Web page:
Fruits of the Mind
5th Annual Exhibition

October 10-11 (10am-4.30pm)
October 12 (10am-3pm)

King’s Centre, King Street, Norwich

Official opening to be performed by Bill Farrow, non-executive director at Norfolk and Waveney Mental Health Partnership NHS Trust, on October 10 at 12.30pm.

Living in the present
Artist William Fairbank is living in the present – he has no choice. A head injury 20 years ago left him with no short-term memory and unable to think into the future.

“There is no future with short term memory loss,” he said. “You need to have a past, which you remember before you can make decisions for the future – for me, it’s all about the here and now.”

Determined not to let his disability get the better of him, William, a trained carpenter and joiner, is now a full-time artist. Three years after the accident, he started on a project to create a set of 15 Stations of the Cross – ‘Forest Stations’ – which were completed seven years later and put on display in Norwich Cathedral. They were exhibited in cathedrals around the country before being put in permanent display in Lincoln Cathedral. Due to his short term memory loss, he has no recollection of making them.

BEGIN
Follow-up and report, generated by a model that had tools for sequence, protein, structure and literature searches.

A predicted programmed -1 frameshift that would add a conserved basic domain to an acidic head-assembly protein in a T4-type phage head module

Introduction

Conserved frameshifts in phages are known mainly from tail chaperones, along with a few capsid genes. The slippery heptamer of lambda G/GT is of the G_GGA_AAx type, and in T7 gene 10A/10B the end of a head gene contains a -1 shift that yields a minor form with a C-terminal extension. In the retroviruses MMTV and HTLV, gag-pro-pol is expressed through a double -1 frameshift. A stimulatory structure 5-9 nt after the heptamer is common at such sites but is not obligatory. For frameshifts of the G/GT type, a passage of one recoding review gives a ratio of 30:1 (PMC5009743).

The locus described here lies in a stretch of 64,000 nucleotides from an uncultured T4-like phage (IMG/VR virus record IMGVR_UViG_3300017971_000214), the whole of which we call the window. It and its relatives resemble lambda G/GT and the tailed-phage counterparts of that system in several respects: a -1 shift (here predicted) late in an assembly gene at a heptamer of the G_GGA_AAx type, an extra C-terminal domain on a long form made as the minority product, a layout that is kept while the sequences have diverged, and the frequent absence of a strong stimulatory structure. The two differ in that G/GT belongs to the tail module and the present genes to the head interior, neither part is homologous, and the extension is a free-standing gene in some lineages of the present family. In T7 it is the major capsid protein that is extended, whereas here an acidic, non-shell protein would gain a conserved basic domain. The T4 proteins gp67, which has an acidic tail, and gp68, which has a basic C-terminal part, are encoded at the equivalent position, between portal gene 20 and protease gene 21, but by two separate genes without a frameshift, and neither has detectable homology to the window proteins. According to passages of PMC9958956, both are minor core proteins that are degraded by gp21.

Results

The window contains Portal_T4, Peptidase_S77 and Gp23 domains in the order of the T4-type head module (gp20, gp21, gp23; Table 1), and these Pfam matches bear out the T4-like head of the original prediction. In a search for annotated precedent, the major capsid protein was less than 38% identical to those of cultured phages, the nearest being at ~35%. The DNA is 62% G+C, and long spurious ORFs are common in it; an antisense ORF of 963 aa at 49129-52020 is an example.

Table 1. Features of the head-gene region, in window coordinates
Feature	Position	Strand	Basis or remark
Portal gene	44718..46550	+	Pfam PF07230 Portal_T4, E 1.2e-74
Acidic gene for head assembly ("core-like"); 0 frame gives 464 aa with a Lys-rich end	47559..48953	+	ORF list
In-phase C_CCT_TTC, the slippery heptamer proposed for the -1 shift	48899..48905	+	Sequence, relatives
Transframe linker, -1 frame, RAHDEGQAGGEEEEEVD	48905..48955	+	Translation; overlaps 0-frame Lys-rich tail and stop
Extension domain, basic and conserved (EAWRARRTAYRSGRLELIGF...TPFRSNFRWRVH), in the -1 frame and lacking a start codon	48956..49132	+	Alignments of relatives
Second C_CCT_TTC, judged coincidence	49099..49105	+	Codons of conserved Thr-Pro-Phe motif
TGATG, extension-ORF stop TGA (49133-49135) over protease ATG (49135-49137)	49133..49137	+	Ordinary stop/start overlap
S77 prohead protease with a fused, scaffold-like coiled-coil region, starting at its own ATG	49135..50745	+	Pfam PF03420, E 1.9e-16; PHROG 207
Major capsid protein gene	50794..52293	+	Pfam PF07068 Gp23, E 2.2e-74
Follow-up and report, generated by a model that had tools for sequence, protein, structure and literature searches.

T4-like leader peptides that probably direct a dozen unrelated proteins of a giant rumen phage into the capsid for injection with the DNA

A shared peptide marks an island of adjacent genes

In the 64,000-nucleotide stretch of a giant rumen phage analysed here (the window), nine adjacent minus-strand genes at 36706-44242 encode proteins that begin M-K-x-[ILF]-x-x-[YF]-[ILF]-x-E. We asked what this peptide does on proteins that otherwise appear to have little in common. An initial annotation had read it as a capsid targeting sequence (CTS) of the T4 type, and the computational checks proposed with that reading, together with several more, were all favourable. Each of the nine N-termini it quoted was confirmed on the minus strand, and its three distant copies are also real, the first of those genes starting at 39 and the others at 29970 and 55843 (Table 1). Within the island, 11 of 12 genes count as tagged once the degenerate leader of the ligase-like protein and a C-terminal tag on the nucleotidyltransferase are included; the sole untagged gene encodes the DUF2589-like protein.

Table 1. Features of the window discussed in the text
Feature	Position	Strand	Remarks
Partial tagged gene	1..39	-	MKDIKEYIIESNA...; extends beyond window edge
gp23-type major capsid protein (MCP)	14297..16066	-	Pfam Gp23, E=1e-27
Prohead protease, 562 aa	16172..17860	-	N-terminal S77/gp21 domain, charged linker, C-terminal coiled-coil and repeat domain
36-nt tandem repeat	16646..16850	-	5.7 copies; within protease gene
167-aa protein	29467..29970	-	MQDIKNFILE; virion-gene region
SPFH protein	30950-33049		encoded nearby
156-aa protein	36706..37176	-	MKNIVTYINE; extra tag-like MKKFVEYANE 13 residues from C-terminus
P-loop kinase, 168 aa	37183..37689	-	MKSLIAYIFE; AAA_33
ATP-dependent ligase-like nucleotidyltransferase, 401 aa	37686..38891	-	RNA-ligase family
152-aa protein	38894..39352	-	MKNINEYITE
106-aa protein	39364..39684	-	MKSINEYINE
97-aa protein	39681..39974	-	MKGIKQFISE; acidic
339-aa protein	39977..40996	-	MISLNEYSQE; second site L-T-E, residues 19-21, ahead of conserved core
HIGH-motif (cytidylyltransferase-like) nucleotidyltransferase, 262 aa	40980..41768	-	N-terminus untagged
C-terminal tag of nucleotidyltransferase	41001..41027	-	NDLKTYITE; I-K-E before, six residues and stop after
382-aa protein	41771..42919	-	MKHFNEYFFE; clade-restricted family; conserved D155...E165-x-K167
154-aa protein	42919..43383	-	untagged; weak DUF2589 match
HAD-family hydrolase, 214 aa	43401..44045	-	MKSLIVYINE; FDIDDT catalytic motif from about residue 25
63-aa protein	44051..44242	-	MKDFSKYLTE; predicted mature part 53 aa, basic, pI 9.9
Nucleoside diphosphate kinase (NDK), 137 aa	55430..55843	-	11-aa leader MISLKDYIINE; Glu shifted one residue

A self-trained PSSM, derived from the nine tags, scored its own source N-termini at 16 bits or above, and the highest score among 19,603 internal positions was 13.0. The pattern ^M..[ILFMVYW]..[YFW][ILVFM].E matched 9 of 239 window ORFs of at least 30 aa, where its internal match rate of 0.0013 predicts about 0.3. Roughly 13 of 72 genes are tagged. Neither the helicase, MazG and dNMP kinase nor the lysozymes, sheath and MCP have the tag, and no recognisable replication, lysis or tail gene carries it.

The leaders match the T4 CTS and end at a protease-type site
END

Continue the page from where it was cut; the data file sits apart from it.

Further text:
As well as intricate woodwork and sculptures, he produces short films, some of which discuss the personal experiences of people with head injuries and memory loss.

He is one of the exhibitors at the fifth annual Fruits of the Mind exhibition in Norwich, which opens on World Mental Health Day – Wednesday 10 October – and runs until the Friday. His series of films, Living in the Present, will be accompanied by sculptures depicting a double helix, which are a representation of his state of mind.

Also exhibiting on the day, alongside pieces from people with severe mental ill health, will be Michelle Lock. Michelle, a self-taught artist, worked hard to overcome her illness and has now managed to return to work, having completed a course in floristry.

Oil paintings, acrylics, postcards, crafts and sculptures from between 30 and 40 artists are among the pieces on display, with prices ranging from £15 to £250.

Angela Langrish-Smith, a practice nurse at Norfolk and Waveney Mental Health Partnership NHS Trust, said: “There are very good pieces of work on display and for sale, with lots of expression. People have worked so hard to do this and have put so much of themselves into it.”